Located about 19 miles north of Omaha, OPPD’s Fort Calhoun Nuclear Station is designed to withstand severe natural disasters, including:
An earthquake registering 6.0 on the Richter scale, assuming the plant is at the quake’s epicenter (worst-case scenario)
Tornadic winds up to 500 miles per hour projecting objects such as a telephone pole
1,000-year flood of the Missouri River
Fort Calhoun Station’s “defense in depth” systems include multiple sources of offsite and onsite power. Plant personnel train on and follow written procedures for both normal and emergency operations.
As part of OPPD’s Emergency Response Organization, employees from Fort Calhoun Station and throughout the company participate in regular training drills to help prepare for a serious event at the plant.
OPPD has good working relationships with emergency management personnel at the federal, state, regional and county level.
What Happened in Japan?
Regarding the earthquake, tsunami and resulting nuclear plant problems in Japan, all the reactors operating at the time of the earthquake shut down as designed.
That included those at the Tokyo Electric Power Company’s Fukushima Daiichi plant, 170 miles northeast of Tokyo.
The trouble with the Fukushima reactors started about 20 to 30 minutes after the earthquake hit, when the tsunami waves reached the plant site, cresting at a height of 21 to 30 feet and traveling up to 500 miles per hour.
That caused a loss of offsite power at the plant, resulting in the loss of cooling water for the reactor. A high amount of heat remains within a reactor for some time after shutdown.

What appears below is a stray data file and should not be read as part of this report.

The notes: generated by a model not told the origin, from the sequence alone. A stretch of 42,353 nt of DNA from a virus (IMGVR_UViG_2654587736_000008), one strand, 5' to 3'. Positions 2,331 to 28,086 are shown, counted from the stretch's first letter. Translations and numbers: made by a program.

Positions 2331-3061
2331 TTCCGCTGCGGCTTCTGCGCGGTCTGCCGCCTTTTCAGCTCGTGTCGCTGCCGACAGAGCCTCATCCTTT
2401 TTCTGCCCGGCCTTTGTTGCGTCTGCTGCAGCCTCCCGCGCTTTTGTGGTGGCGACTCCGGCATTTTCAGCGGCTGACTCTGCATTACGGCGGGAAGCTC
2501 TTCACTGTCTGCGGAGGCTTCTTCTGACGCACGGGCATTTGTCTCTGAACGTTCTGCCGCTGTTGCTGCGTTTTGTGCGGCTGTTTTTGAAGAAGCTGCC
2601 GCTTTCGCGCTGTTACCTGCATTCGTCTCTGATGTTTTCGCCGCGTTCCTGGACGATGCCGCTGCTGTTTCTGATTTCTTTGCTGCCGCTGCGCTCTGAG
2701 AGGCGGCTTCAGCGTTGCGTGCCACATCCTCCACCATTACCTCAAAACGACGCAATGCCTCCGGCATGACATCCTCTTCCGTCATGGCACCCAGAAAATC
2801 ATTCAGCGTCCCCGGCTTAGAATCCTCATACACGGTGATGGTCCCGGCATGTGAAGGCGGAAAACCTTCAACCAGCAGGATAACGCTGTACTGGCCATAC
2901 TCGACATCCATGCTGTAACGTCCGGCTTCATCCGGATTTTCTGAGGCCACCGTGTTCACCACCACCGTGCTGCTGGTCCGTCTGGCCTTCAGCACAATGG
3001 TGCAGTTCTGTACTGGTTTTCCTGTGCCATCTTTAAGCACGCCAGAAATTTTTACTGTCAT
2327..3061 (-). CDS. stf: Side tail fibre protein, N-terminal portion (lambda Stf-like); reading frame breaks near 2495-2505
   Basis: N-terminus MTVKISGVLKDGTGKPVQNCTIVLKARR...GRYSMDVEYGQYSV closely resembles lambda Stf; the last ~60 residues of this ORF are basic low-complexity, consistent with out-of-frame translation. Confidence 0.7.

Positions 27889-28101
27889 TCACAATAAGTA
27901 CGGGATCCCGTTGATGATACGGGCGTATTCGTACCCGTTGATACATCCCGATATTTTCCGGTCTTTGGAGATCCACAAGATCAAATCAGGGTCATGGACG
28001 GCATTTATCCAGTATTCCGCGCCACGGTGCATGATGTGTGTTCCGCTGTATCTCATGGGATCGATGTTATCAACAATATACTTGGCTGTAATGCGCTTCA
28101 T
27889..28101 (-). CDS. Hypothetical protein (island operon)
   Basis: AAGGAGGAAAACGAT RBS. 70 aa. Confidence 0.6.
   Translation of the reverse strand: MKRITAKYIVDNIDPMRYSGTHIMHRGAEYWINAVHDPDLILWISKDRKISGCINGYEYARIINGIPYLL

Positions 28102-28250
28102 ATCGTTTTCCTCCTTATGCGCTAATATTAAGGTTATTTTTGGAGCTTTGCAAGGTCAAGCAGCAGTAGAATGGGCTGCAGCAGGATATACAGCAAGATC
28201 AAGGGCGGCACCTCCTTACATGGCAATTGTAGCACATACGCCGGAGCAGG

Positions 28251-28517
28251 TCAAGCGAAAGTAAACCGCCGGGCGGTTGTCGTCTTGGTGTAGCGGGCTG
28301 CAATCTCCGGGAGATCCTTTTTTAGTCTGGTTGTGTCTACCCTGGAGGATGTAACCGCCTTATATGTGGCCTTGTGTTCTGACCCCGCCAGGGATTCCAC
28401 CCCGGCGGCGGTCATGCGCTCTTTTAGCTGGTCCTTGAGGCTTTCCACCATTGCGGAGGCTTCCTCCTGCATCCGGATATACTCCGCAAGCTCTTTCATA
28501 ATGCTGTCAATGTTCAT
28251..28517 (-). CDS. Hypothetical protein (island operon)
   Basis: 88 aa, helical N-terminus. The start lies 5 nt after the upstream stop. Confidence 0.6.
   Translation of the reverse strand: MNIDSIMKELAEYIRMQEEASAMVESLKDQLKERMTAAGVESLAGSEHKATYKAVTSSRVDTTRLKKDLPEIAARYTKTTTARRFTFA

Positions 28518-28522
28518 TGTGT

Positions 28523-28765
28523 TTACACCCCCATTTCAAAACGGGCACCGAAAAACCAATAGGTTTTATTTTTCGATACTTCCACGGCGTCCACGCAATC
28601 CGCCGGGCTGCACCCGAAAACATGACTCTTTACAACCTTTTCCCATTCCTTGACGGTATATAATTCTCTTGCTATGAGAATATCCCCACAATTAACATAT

Venting of steam from the reactor containment building causes the outside radiation readings to fluctuate.
The plant was designed with a series of redundant safety systems, which greatly reduce the chance of an accident. In addition, the plant’s design includes a “defense in depth” system of barriers to prevent the escape of radioactivity to the environment in the unlikely event of an accident.
In 2006, Fort Calhoun Station underwent a refurbishment outage that reached a scope no power plant in the U.S. had ever attempted.
Containment Building - Constructed of steel-reinforced concrete, with walls almost four feet thick.A one-fourth-inch-thick carbon steel liner on the inside of the Containment Building ensures leak-tightness.
Auxiliary Building - Houses the reactor auxiliaries, including waste-treatment facilities, certain safety components, the control room, emergency diesel generators, and fuel-handling and storage facilities.